Llanishen

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Coordinates: 51°31′44″N 3°11′20″W / 51.529°N 3.189°W / 51.529; -3.189

Llanishen electoral ward of Cardiff

Llanishen (Welsh Llanisien llan church + Isien Saint Isan) is a district in the north of Cardiff, the capital city of Wales. Llanishen is well known as the home of the 'Tax Offices', the tallest buildings in north Cardiff and a landmark for miles around. The office complex overlooks the 'Crystal and Fishguard estates', Parc Ty Glas industrial estate, old village, leafy suburban roads and various parkland that constitute the district. Llanishen is also home to a fully featured Leisure Centre and the former 60-acre (240,000 m2) Llanishen Reservoir - a local beauty spot that is connected to a green corridor which bisects the city from the rising hills in the north to Cardiff Bay in the south.

History[edit]

Originally wooded farm land, in A.D. 535 two monks came eastwards from the small religious settlement of Llandaff, aiming to establish new settlements, or "llans", in the land below Caerphilly mountain. With fresh water from the Nant Fawr stream, one of the monks Isan founded his llan on the site of the modern day Oval Park.

In 1089 in the Battle of the Heath, the Normans fought the Welsh Celts north of the settlement. The victorious Normans expanded Llanishen, starting work on a church to the north which was completed in the 12th century.

Although Oliver Cromwell had ties with Llanishen and the neighbouring village of Llysfaen, the village remained undisturbed until 1871, when the Rhymney Railway was given permission to break the stranglehold of the Taff Vale Railway into Cardiff Docks. Building a line from Caerphilly to Crockherbtown Junction just north of Cardiff Queen Street, its 1.5 miles (2.4 km) tunnel to the north resulted in a number of accidental deaths, many of whom are buried in St Isans church.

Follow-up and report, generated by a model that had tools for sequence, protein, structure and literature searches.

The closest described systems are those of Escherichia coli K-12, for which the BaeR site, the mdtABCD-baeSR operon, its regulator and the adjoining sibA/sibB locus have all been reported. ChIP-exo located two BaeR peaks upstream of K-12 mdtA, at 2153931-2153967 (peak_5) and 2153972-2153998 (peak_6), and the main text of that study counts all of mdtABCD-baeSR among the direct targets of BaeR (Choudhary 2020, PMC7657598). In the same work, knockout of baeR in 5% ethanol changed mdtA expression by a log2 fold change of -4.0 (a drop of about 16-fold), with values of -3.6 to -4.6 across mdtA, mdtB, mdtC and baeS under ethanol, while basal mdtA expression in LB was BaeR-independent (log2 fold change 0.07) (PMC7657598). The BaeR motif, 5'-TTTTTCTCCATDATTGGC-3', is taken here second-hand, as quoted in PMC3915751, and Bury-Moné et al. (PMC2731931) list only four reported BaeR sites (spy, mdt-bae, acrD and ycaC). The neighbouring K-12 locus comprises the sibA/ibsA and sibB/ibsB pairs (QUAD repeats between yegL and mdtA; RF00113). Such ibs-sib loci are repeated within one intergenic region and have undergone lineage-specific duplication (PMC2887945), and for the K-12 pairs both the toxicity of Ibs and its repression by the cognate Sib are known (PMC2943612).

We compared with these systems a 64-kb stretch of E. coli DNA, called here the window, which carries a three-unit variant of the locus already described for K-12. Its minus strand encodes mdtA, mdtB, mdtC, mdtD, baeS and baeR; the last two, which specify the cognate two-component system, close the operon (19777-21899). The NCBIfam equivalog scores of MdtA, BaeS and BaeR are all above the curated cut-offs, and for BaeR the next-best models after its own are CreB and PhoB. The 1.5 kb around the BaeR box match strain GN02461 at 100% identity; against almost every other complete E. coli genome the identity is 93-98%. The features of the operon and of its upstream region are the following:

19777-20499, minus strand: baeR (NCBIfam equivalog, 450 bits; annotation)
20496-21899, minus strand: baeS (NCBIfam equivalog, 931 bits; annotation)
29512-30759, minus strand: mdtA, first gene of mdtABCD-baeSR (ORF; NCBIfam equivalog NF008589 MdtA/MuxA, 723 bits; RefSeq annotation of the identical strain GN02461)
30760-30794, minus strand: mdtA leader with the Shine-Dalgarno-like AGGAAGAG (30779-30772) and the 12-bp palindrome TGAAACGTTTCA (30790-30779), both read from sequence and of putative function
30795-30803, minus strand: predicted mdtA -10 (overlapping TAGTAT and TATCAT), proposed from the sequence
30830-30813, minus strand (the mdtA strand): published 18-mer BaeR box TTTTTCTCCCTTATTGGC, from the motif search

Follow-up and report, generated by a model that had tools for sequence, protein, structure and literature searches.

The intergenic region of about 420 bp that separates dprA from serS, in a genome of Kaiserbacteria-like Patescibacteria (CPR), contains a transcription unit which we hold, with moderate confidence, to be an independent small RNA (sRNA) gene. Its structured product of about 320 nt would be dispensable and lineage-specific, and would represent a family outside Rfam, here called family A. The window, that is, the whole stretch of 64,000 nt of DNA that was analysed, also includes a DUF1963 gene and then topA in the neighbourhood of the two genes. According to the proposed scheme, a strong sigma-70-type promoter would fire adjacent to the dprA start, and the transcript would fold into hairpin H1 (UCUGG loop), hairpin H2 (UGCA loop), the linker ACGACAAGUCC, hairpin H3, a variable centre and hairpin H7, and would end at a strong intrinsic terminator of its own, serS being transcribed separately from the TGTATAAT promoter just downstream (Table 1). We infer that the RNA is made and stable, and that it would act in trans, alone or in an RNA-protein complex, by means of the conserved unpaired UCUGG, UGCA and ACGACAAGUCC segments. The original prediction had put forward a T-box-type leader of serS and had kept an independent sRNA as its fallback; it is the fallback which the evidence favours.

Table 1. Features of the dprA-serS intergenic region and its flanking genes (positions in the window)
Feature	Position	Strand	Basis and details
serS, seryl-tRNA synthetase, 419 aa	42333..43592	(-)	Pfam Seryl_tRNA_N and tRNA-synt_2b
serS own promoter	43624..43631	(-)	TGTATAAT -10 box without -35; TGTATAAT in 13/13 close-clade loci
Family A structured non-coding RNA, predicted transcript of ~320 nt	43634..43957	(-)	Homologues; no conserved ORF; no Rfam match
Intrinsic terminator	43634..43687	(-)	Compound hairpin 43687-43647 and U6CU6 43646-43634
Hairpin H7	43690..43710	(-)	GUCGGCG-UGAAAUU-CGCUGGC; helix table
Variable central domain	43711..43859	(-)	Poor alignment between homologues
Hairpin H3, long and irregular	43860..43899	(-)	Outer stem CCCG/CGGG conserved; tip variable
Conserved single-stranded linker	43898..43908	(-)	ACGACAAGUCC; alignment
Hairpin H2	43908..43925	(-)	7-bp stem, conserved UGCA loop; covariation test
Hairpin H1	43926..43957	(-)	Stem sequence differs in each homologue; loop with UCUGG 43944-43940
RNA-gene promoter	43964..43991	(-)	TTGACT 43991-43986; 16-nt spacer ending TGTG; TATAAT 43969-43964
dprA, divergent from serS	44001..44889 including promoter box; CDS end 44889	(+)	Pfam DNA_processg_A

The railway and the development of Llanishen railway station allowed wealthy Cardiff business people to commute from the village to the centre of city easily, resulting in the expansion of the villages population by 20,000 between 1851 and 1871. In 1887, the two new reservoirs of Llanishen were built to allow distribution of water collected in the Brecon Beacons to the city. In 1922, after expansion north by the city and south by the village, Llanishen became a suburb of Cardiff.

Development of the village since has been through redevelopment of the former farming and military land into commercial usage and housing development.

Commerce and Industry[edit]

ROF Cardiff[edit]

The First World War, like in many locations, brought death to the young men of the village, but the Second World War brought greater effect. With the development of ROF Bridgend, a Royal Ordnance Factory, ROF Cardiff, was developed along Ty Glas Road to take the explosives from Bridgend and produce tank and anti-tank guns. Air defences against paratroopers were placed in nearby fields, but this was strengthened in 1941 when the Royal Air Force established both a RAF Regiment base and a glider training facility. In 1943 the United States Army began using the facilities to hold troops and undertake local training, including basic flight in Tiger Cubs. The Americans left in June 1944 as the Allies prepared for D-Day. In 1987 ROF Cardiff became an Atomic Weapons Establishment. It closed down in February 1997.